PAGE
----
The safety room, over the last year, has gone from solid to turbocharged in the last year. It then went from turbocharged, to really, really good a couple of weeks ago. Finally, it is, again, back to full strength.
After his dismissal, detailed by our Cameron J. Underwood, and his reinstatement, detailed by Susan Miller Degnan, Avantae Williams’ return has refortified the Hurricanes safety room as the best in the business.
A room that has possibly the most storied history in college football history, headlined by Ed Reed and Sean Taylor, is, talent wise, starting to make good on that legacy.
A year ago, it was simply a very good group, headlined by former USC Trojan, Bubba Bolden, the uber athletic Gurvan Hall and the enigmatic Amari Carter. A year of recovery, however, for Avantae Williams gave the room a major bullet to add to the rotation. The amazing recruitment year of 2021, with the commitments of James Williams and Kam Kinchens, put this room over the top. Not since 2003 has this room been this talented. The 2003 safety room featured Sean Taylor, Brandon Merriweather, freshman DB (at the time) Jon Beason, and swing DB Antrell Rolle.
Eighteen years later, and the Hurricanes safety room, from top to bottom, has the best chance to honor that and prior safety classes.
Talent is only that, without proper direction, motivation and leadership. The 2003 class mentioned above looked to Mark Stoops and Randy Shannon for their grooming. This group has a similarly talented duo in Travaris Robinson and Demarcus Van Dyke. The duo has made waves since being announced as the primary DB coaches in January, changing the way the group competes, trains, and expects greatness. While both have NFL experience, Van Dyke is the one who can showcase and return the most value to players with his experience as a four-year starter at Miami and a 7-year career in the NFL. It is Robinson, however, who spent the most time as a coach, making a strong name for himself since his Grad Assistant days in 2006. The elite mentor and recruiter is the type of coach a school like Miami can trust to create a winning mentality and a list of first rounders, as we would expect. Shout out to these coaches for being tasked with molding the immense talent in this room.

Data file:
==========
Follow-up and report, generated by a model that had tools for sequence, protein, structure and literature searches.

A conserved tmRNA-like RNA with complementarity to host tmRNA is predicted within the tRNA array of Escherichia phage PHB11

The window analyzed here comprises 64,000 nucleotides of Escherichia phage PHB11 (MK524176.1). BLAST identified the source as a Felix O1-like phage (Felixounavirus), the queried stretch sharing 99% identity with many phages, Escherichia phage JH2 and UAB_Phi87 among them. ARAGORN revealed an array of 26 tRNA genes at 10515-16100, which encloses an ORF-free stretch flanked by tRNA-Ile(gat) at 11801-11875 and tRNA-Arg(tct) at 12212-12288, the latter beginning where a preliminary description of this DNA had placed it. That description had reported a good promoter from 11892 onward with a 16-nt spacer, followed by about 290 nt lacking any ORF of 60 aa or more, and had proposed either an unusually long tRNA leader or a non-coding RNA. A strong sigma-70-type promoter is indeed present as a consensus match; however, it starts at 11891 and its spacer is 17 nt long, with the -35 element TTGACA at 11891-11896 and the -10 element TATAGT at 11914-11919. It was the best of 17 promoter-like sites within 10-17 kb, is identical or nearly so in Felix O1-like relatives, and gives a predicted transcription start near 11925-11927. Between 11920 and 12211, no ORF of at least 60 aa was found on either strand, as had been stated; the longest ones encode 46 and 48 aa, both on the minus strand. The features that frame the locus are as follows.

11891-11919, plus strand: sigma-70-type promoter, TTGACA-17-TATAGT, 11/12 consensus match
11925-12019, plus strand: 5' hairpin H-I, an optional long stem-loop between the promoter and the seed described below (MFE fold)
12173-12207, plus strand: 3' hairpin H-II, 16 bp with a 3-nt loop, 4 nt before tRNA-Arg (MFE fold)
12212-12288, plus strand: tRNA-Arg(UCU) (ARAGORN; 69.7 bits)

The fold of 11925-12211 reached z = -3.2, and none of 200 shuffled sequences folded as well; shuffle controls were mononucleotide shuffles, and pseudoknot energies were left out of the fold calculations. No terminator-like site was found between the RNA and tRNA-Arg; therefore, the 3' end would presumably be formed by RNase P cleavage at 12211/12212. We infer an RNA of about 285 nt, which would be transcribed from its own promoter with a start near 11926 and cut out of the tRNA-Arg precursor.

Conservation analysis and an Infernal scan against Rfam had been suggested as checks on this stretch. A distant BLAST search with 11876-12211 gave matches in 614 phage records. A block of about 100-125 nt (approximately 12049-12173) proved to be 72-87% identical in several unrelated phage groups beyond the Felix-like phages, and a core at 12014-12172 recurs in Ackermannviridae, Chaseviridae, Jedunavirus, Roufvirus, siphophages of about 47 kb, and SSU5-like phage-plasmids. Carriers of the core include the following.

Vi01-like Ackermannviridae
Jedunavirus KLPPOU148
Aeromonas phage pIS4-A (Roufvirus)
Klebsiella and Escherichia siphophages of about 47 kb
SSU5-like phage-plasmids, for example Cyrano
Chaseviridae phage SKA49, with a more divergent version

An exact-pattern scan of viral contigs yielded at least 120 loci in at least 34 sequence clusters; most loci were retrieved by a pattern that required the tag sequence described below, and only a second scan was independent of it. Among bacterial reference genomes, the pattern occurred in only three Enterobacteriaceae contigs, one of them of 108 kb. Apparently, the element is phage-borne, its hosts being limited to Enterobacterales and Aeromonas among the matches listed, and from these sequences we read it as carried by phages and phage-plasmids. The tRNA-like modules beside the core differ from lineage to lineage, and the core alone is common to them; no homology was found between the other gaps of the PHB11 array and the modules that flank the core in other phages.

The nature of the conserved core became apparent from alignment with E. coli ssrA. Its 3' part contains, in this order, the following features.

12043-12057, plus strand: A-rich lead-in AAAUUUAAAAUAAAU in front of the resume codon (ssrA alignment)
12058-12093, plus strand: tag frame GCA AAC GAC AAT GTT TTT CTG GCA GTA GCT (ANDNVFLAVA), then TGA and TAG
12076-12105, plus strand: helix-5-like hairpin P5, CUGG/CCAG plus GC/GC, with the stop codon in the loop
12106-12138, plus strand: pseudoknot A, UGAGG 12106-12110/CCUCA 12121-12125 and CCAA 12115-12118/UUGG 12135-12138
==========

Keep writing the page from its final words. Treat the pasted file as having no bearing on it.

The term “Safety” is a funny word to describe this position at the University of Miami. The origin of the position was to provide “safety” or a second line of defense for plays that got past the front 7. At Miami, for opposing offenses, crossing paths with this group is ANYTHING but safe. That designation is reinforced by its elder group in the form of Bubba Bolden, Gurvan Hall and Amari Carter, who is now moonlighting at striker.
The Star from Vegas
Bubba Bolden’s game is one that mimics the offerings of his home town Las, Vegas. The 6-3, 204 lb. safety is big, exciting and flashy, in the best way. The Third-year starter has a strong knack for making plays, from timely interceptions to heavy hits from centerfield. The length of the safety allows him to cover ground fast as well as compete well for balls against shorter receivers and tight ends. While the physical traits and athleticism stand out, it is his leadership that stands out even more so.